Robin Hood: Outlaw in a Lawless World

When the justice system of medieval England was found to be too corrupt, Robin Hood and the outlaws of fact and fiction created their own system beyond the law.

Illustration for Webb's Scenes and Characters in Robin Hood, c.1850. (akg-images)
Illustration for Webb's Scenes and Characters in Robin Hood, c.1850. (akg-images)

In his earliest incarnations, Robin Hood has his base in Yorkshire, not Sherwood, never explicitly robs the rich to feed the poor and does not associate with Maid Marian. Yet, from the early ballads onwards – most notably A Gest of Robyn Hode, which dates possibly from the mid-15th century – it is clear that he stood for something and represented certain admirable qualities: namely, opposition to the endemic judicial and administrative malpractice that was rife in late medieval society.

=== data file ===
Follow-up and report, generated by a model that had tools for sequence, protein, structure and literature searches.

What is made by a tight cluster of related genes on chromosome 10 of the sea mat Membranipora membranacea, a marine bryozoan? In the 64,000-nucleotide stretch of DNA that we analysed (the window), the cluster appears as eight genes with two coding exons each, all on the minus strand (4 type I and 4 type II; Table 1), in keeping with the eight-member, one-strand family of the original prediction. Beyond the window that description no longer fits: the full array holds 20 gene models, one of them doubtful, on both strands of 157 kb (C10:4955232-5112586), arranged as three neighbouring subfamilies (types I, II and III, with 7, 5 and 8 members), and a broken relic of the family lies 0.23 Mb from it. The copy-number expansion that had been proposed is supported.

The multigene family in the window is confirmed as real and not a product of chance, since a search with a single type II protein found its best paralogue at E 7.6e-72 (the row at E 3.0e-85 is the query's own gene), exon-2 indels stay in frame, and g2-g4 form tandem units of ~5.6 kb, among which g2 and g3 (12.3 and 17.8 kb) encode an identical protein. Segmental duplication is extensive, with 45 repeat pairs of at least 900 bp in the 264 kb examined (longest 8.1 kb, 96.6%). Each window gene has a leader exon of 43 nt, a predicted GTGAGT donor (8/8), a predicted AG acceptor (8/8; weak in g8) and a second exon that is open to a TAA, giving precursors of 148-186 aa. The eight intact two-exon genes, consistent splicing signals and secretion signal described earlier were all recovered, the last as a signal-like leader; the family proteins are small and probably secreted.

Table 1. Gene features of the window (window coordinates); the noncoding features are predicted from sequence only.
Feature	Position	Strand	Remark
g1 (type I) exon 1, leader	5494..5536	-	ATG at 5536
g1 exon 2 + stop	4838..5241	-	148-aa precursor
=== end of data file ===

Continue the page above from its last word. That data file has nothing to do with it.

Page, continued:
Such qualities are common among the folk heroes that populate medieval outlaw ballads. In 1432 a clerk recording the parliamentary returns for Wiltshire added a number of fictitious names to the list of sureties:

To continue reading this article you will need to purchase access to the online archive.

Buy Online Access  Buy Print & Archive Subscription

If you have already purchased access, or are a print & archive subscriber, please ensure you are logged in.

Please email if you have any problems.